China’s challenge was on display, as well, particularly when considering who skipped the event. Despite months of energetic efforts by China to persuade foreign leaders to attend, only about a dozen presidents and prime ministers — from Hungary, the Dominican Republic and El Salvador, among others — showed up Monday morning. Many were leaders of countries like Kenya and Laos that have borrowed heavily from Beijing
How Huawei allegations weigh on partners
Australian intelligence officials determined that Huawei employees were asked to help the Chinese government infiltrate a foreign telecom network, according to The Australian Weekend, which cited an unidentified source. The allegation may renew American skepticism of the Chinese telecom giant — and partners like SoftBank of Japan.
It’s unclear whether the attempted hacking succeeded. But the report will play into the fears of American lawmakers who think that Huawei is a national security threat. That could be a problem for SoftBank, which has business ties to the Chinese company.
SoftBank has been trying to win approval to sell Sprint, which it controls, to T-Mobile. Lawmakers have pressured the Trump administration to scrutinize that deal on national security concerns. SoftBank has argued that it has complied with regulators since it bought control of Sprint, including spending millions to remove Huawei equipment from a related American network. But the Australian report won’t help its case.
Iran says it will defy renewed sanctions
American sanctions on Iranian oil exports resumed this morning. Rick Perry, the energy secretary, wrote in a WSJ op-ed that they will “deliver an unmistakable message to Tehran: Change your ways or suffer the consequences.” He added that moves by other nations, including Saudi Arabia and Russia, will mean there “should be minimal effect on global energy markets.”
But the Trump administration said on Friday that it had exempted eight countries, including China and India, from the sanctions. Meanwhile, European leaders are scrambling to set up a special-purpose vehicle to let them continue trading with Iran. And President Hassan Rouhani of Iran has said that the nation will break the sanctions in order to sell oil.
Berkshire Hathaway spent nearly $1 billion on buybacks
Warren Buffett has complained for years that he hasn’t had a chance to use Berkshire Hathaway’s cash hoard on a big deal. Late last week, he showed that he had put some of the money to use — by buying back the company’s shares for the first time in six years.
Berkshire reported $6.88 billion in operating profit during its third quarter, and used $928 million to buy back shares. It’s in keeping with Mr. Buffett’s longstanding belief that one of the best things an undervalued company can do is a buyback. But it also suggests that he doesn’t see any attractive takeovers.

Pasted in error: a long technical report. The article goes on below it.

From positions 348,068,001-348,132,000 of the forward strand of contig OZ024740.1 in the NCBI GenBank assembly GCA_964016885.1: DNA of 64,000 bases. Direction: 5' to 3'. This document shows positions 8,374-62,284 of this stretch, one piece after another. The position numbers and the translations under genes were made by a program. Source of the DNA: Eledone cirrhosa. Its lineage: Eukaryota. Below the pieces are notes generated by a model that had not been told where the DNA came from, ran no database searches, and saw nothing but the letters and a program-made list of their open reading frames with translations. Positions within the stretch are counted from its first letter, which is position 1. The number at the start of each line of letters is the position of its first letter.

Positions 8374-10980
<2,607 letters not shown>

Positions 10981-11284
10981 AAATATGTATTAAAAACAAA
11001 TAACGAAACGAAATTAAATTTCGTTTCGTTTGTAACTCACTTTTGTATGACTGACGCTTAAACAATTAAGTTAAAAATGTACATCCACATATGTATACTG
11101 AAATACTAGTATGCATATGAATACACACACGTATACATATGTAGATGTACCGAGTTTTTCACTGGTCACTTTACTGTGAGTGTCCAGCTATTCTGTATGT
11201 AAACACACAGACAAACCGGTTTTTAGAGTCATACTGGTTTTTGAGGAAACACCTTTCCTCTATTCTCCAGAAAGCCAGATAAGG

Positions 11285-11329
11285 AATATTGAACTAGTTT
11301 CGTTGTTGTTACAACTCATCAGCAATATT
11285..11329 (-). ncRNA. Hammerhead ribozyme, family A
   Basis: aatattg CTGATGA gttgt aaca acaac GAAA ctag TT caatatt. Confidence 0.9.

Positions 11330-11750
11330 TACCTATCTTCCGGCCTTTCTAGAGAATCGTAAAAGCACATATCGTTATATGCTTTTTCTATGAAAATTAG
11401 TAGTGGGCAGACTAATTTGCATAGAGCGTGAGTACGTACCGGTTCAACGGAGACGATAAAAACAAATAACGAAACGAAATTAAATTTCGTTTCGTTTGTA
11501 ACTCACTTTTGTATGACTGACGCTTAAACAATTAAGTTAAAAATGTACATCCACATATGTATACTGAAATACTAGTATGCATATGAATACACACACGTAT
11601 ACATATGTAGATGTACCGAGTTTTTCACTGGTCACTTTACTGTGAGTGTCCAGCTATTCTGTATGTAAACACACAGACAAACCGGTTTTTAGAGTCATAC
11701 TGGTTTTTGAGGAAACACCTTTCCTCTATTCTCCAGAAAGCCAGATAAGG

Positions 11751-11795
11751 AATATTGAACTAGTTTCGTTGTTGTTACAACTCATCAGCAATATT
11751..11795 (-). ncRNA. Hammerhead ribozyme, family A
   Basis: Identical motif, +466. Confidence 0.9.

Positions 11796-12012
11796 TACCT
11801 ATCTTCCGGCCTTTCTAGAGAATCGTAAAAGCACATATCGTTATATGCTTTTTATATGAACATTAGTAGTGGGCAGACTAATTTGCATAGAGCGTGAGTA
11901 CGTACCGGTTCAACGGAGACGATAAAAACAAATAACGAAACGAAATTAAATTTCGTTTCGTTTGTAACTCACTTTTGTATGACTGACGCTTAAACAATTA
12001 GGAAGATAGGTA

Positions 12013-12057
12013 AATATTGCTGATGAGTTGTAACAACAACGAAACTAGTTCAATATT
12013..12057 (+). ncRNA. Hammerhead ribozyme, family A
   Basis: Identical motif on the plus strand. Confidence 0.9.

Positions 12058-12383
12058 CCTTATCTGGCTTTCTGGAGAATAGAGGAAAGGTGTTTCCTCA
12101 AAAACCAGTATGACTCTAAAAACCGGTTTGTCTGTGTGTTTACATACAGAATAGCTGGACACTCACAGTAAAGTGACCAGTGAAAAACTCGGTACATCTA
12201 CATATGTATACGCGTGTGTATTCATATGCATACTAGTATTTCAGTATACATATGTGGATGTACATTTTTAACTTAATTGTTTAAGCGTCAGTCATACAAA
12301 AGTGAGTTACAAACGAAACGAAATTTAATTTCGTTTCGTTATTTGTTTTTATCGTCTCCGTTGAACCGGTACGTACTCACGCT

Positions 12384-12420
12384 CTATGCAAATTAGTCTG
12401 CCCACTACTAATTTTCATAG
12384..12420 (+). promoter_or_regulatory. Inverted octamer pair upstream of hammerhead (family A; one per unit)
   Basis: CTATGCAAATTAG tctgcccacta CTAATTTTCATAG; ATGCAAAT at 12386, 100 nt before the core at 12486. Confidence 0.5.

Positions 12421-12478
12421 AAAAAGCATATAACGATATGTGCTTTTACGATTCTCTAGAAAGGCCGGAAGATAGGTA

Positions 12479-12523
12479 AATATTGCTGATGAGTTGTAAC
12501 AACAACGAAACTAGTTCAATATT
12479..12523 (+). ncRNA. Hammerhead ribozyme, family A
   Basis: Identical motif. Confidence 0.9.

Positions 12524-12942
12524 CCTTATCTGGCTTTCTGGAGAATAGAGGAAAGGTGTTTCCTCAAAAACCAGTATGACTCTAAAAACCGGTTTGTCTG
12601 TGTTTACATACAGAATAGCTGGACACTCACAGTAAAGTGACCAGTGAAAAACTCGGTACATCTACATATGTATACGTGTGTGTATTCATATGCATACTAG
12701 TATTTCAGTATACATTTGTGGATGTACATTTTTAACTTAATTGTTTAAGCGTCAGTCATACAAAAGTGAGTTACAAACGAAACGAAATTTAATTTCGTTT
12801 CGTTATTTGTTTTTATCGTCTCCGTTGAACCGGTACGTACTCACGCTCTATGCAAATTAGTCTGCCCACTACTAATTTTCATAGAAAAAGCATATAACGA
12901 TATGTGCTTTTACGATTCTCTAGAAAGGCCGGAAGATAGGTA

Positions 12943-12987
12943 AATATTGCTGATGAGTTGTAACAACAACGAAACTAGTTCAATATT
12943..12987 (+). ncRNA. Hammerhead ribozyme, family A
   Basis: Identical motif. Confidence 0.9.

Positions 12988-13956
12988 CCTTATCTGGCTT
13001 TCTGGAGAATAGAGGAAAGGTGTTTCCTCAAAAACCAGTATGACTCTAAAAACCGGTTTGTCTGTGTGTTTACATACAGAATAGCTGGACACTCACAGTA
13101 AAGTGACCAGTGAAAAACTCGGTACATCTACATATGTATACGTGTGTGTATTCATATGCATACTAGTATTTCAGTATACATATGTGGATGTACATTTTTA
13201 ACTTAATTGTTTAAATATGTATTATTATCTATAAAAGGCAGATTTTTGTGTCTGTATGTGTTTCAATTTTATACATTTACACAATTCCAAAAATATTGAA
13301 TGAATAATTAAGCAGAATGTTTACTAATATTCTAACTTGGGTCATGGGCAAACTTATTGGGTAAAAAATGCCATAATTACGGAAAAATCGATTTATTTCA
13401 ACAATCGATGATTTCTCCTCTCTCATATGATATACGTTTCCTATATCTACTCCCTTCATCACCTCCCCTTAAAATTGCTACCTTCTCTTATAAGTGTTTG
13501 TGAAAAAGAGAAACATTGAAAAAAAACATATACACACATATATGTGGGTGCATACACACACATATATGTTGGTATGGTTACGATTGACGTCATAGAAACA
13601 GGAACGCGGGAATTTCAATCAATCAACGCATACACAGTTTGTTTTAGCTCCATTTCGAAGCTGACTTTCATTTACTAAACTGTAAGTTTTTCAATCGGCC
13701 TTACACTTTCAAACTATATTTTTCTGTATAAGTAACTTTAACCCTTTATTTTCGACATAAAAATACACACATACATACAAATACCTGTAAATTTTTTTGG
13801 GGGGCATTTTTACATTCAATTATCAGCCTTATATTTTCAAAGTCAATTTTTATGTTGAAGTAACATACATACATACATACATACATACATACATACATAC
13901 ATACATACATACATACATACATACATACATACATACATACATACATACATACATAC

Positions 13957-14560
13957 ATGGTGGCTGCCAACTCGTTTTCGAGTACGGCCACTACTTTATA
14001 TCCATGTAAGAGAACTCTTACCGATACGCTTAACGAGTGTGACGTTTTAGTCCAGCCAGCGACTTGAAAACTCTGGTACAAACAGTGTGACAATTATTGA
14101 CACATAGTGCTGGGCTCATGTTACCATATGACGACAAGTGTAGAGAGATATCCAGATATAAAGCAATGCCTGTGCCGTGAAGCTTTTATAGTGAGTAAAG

Goldman Sachs reportedly will promote fewer than 65 executives to partner this year, the smallest number in two decades.
Susan Molinari, one of Google’s top lobbyists, plans to step down at the end of the year.
Beyond Meat, the maker of plant-based meat substitutes, appointed Kathy Waller, Coca-Cola’s C.F.O., and Ned Segal, Twitter’s C.F.O., to its board.
John Flannery will get $4.25 million from G.E. after being ousted as its C.E.O.
The speed read
• Over 30 Goldman Sachs executives — including the C.E.O., David Solomon — reportedly reviewed debt deals by a Malaysian sovereign wealth fund that led to criminal charges against two former bankers. (FT)
• Newly public tech companies are increasingly rushing to sell more stock. (WSJ)
• Slack’s C.E.O., Stewart Butterfield, says there’s “no specific timeline” for an I.P.O. (Fortune)
Politics and policy
• Hackers are trying to meddle with election networks before the midterms. They have had “limited success,” according to a Department of Homeland Security report. (Boston Globe)
• Georgia’s secretary of state, who is running for governor, accused Democrats of trying to hack the state’s voter registration files, but cited no evidence. (NYT)
• Coke, PepsiCo and other big beverage companies are often behind ballot initiatives that would ban taxes on food sales. (NYT)
• Britain’s chief Brexit negotiator urged a hard-line stance over Ireland’s border with Northern Ireland. Meanwhile, 70 British business leaders publicly backed a proposed vote on any final deal.
• American companies, already feeling the hit of the U.S.-China trade war, warn that things could get worse. (WSJ)
• It’s becoming a drag on Asian growth, too. (FT)
• Why U.S. sanctions on Russia might be more problematic than those on Iran. (FT)
• President Trump said that Google, Facebook and Amazon were “great companies” — but added that his administration is “looking at” antitrust claims. (Axios)
• The social network Gab is back online and filling up with anti-Semitic posts. (Related: Right-wing extremists see validation in President Trump’s language.)
• Electric cars face a $6 trillion infrastructure hurdle. (Bloomberg Opinion)
• Senator Ron Wyden has proposed an aggressive new data privacy law inspired by Europe. (Fortune)
• Tesla said that the Justice Department and the S.E.C. were investigating its Model 3 production forecasts. (CNBC)
Best of the rest
• How middle-class finances have changed since 2016. (Upshot)
• Barclays was the worst performer in recent European bank stress tests. (Bloomberg)
• Goldman Sachs predicts that global growth will soften next year. (Bloomberg)
• Is Agnes Gund the last good rich person? (NYT)